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Thread: How to achieve this white background effect?

  1. #1

    Default How to achieve this white background effect?

    Hi guys, saw this guys cool photo blog, and he has this technique to get a totally white background for some his pictures...

    Can anyone share how he might have done this?

    many thanks!
    checkout his awesome images at:

    http://mefunx.freeprohost.com/

  2. #2
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    Well the photographer did say that he/she used white paper as the background and a flash for illumination....
    As complexity rises, precise statements lose meaning and meaningful statements lose precision.

  3. #3
    Senior Member sammy888's Avatar
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    Quote Originally Posted by thomaschan
    Hi guys, saw this guys cool photo blog, and he has this technique to get a totally white background for some his pictures...

    Can anyone share how he might have done this?

    many thanks!
    checkout his awesome images at:

    http://mefunx.freeprohost.com/

    Long exposure of the pink massage ball that is placed on a white paper background and then "painted" with the flashlight. Flashlight as in torchlight (Mag-lite etc..)which you use to illuminated the entire scene while the camera is set for long exposure. You wave the flashlight around the scene to "paint" the scene with light. That is why you look at the way the shadow and how the light falls on vary points of the pink massage ball is alittle "off". I could be wrong but it is very much what I had done before along time back with film. You do this in a dark room. Set up your camera on a tripod. Trigger it and then switch on your flashlight and move it around. You can either do that from a fixed point or you can change that by moving the flashlight axis by moving it around the object/scene. I once read this was called the "poor man" flash hehehe...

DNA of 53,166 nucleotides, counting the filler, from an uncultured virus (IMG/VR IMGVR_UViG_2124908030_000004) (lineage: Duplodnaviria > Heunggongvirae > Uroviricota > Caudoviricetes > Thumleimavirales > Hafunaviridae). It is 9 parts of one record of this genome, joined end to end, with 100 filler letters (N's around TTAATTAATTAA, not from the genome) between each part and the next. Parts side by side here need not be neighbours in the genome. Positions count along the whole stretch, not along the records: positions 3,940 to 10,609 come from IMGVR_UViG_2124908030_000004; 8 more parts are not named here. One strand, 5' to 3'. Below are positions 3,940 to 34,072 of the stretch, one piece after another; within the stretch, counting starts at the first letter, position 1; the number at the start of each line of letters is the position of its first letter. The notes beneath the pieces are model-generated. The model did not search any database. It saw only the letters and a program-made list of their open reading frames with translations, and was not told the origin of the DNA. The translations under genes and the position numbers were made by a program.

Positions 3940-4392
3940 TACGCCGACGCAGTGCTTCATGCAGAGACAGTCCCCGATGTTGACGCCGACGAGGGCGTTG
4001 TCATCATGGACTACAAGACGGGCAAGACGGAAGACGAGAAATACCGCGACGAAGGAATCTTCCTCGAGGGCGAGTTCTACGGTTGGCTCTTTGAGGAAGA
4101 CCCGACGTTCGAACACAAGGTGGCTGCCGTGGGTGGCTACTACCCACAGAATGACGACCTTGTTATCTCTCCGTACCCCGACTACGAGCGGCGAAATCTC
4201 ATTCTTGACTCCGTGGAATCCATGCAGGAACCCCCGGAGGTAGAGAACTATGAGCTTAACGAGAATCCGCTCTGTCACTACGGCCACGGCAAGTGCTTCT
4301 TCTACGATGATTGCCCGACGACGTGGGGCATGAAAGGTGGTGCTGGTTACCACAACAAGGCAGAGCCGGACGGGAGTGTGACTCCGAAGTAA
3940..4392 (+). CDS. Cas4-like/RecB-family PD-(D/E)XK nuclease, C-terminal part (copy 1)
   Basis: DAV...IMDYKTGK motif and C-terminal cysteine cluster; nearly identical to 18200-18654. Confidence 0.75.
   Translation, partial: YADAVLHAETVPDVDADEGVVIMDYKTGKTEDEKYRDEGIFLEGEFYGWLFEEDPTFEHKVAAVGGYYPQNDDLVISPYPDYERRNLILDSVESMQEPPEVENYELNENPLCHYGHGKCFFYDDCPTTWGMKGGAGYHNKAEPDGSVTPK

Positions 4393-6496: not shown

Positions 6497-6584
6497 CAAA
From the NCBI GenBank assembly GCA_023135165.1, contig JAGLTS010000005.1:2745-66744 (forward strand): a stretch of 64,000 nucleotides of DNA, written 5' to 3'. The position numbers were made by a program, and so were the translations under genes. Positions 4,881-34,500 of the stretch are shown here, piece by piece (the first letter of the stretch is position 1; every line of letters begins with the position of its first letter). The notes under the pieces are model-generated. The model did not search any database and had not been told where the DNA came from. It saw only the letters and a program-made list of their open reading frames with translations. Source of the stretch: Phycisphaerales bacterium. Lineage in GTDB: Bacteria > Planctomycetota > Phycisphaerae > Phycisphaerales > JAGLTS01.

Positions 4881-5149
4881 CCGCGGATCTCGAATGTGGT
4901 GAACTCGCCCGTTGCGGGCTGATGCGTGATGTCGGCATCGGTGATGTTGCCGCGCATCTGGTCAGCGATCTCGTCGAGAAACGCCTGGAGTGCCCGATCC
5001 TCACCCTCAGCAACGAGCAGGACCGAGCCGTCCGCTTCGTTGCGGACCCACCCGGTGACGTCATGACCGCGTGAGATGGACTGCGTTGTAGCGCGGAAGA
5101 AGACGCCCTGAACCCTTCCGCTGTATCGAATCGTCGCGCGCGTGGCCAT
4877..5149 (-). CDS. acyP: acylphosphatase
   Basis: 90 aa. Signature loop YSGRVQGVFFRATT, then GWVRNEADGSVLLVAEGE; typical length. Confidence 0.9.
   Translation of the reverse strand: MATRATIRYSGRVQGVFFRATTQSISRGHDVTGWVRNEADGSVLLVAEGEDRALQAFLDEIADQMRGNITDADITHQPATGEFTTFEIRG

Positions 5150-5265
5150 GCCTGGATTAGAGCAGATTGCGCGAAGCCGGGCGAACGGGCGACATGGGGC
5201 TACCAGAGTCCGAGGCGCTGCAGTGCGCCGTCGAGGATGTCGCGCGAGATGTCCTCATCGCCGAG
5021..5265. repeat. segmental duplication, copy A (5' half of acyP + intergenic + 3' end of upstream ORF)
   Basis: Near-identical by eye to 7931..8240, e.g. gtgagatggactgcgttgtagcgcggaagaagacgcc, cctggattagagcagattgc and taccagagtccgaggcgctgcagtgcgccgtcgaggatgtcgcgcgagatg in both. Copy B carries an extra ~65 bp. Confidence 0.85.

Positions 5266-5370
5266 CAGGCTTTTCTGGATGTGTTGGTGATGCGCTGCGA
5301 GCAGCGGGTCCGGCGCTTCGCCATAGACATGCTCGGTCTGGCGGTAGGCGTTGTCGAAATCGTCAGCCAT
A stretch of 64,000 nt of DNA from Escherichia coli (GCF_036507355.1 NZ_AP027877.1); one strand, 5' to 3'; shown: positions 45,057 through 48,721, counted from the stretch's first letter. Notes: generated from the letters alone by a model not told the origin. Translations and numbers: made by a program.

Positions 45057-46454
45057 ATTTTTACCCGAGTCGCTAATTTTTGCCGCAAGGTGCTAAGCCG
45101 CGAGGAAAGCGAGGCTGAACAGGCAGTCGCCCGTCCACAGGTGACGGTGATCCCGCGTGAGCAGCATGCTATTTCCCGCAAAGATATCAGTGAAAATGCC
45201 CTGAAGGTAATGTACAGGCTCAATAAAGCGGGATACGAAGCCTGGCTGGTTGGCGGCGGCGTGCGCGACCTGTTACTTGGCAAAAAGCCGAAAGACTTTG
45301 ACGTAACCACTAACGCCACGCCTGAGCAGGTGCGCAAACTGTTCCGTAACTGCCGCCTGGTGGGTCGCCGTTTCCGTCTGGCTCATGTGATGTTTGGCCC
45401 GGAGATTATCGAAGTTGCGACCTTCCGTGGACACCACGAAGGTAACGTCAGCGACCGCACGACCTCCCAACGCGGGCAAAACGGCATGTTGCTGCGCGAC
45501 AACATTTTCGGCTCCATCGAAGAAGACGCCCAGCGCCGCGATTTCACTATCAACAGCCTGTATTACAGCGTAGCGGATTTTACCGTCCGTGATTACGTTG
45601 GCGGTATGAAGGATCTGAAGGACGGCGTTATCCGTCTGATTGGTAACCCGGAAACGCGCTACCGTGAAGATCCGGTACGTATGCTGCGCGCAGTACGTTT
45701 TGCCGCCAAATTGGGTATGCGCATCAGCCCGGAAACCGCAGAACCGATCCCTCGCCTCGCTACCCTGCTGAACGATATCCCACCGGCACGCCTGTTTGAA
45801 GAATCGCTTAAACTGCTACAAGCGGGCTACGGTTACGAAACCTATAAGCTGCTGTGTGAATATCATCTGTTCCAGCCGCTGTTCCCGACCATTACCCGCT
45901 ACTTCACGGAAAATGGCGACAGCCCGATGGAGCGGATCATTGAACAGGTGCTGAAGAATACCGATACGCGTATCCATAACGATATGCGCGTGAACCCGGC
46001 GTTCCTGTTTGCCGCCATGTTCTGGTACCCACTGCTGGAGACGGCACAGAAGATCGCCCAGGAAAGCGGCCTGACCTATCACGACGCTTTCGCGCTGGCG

Of course I could have got it wrong but the image does "smell" like that technique.

  4. #4
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    let me share some beginner's experience here...

    if we analysis the ball we see here (i dunno if its pink or wat cos i can't see colors aka color blind) there is actually a shadow sharply falling just behind the object. The shadow is not tilted upwards, hence meaning the background on this portion is still flat. so possible that he used a rather big piece of white cloth all the way flat den upwards further away, or this object is small.